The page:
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delays - Information on the various kernel delay / sleep mechanisms
This document seeks to answer the common question: "What is the
RightWay (TM) to insert a delay?"
This question is most often faced by driver writers who have to
deal with hardware delays and who may not be the most intimately
familiar with the inner workings of the Linux Kernel.
Inserting Delays
The first, and most important, question you need to ask is "Is my
code in an atomic context?" This should be followed closely by "Does
it really need to delay in atomic context?" If so...
You must use the *delay family of functions. These
functions use the jiffie estimation of clock speed
and will busy wait for enough loop cycles to achieve
the desired delay:
ndelay(unsigned long nsecs)
udelay(unsigned long usecs)
mdelay(unsigned long msecs)
udelay is the generally preferred API; ndelay-level
precision may not actually exist on many non-PC devices.
mdelay is macro wrapper around udelay, to account for
possible overflow when passing large arguments to udelay.
In general, use of mdelay is discouraged and code should
be refactored to allow for the use of msleep.
You should use the *sleep[_range] family of functions.
There are a few more options here, while any of them may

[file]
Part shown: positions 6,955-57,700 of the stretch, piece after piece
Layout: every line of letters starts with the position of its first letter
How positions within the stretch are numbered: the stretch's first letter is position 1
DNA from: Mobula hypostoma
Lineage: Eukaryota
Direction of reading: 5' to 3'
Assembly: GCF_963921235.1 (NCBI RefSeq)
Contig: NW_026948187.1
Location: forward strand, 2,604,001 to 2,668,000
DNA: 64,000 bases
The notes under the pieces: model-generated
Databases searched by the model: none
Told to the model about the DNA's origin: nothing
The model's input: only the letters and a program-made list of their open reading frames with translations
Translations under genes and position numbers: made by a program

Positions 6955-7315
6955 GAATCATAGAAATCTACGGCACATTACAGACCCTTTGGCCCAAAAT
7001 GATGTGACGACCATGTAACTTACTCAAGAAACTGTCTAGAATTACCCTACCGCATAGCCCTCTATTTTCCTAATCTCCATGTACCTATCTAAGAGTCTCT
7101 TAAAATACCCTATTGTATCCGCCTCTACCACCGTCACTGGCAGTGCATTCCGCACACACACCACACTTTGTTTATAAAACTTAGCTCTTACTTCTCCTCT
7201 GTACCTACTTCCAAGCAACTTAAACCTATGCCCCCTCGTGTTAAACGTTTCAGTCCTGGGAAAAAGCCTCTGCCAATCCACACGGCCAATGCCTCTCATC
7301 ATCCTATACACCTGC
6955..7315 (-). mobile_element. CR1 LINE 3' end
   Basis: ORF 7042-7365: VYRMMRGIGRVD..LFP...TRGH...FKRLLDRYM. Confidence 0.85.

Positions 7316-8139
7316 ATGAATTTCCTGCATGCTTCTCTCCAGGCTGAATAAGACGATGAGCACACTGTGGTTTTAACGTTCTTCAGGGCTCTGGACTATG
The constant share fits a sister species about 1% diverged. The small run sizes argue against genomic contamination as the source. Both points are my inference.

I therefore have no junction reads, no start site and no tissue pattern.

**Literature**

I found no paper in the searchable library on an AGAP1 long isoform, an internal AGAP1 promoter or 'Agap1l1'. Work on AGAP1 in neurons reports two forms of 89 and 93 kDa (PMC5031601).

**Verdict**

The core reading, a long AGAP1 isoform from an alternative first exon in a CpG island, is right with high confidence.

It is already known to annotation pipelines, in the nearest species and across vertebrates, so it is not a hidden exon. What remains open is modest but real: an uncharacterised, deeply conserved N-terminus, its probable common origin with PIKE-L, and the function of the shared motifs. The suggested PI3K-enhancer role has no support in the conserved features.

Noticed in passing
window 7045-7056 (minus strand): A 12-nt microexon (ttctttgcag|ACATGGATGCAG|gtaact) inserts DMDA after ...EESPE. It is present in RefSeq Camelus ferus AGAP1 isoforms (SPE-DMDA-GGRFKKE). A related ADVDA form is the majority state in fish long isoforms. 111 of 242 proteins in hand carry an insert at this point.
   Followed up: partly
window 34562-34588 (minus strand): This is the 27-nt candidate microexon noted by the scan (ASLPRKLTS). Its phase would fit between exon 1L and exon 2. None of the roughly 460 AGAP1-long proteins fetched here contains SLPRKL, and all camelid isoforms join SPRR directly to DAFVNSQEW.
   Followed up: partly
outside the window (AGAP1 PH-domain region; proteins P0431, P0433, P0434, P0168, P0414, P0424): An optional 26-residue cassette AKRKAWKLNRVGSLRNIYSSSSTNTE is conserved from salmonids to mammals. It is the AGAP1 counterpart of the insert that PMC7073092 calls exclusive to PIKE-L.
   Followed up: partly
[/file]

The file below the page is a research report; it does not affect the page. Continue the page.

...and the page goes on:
work correctly, using the "right" sleep function will
help the scheduler, power management, and just make your
driver better :)
-- Backed by busy-wait loop:
udelay(unsigned long usecs)
-- Backed by hrtimers:
usleep_range(unsigned long min, unsigned long max)
-- Backed by jiffies / legacy_timers
msleep(unsigned long msecs)
msleep_interruptible(unsigned long msecs)
Unlike the *delay family, the underlying mechanism
driving each of these calls varies, thus there are
quirks you should be aware of.
SLEEPING FOR "A FEW" USECS ( < ~10us? ):
* Use udelay
- Why not usleep?
On slower systems, (embedded, OR perhaps a speed-
stepped PC!) the overhead of setting up the hrtimers
for usleep *may* not be worth it. Such an evaluation
will obviously depend on your specific situation, but
it is something to be aware of.
* Use usleep_range
- Why not msleep for (1ms - 20ms)?
Explained originally here:
msleep(1~20) may not do what the caller intends, and
will often sleep longer (~20 ms actual sleep for any
value given in the 1~20ms range). In many cases this
is not the desired behavior.
- Why is there no "usleep" / What is a good range?
Since usleep_range is built on top of hrtimers, the
wakeup will be very precise (ish), thus a simple
usleep function would likely introduce a large number
of undesired interrupts.
With the introduction of a range, the scheduler is
free to coalesce your wakeup with any other wakeup
that may have happened for other reasons, or at the
worst case, fire an interrupt for your upper bound.
The larger a range you supply, the greater a chance
that you will not trigger an interrupt; this should
be balanced with what is an acceptable upper bound on
delay / performance for your specific code path. Exact
tolerances here are very situation specific, thus it
is left to the caller to determine a reasonable range.
* Use msleep or possibly msleep_interruptible
- What's the difference?
msleep sets the current task to TASK_UNINTERRUPTIBLE
whereas msleep_interruptible sets the current task to
TASK_INTERRUPTIBLE before scheduling the sleep. In
short, the difference is whether the sleep can be ended
early by a signal. In general, just use msleep unless
you know you have a need for the interruptible variant.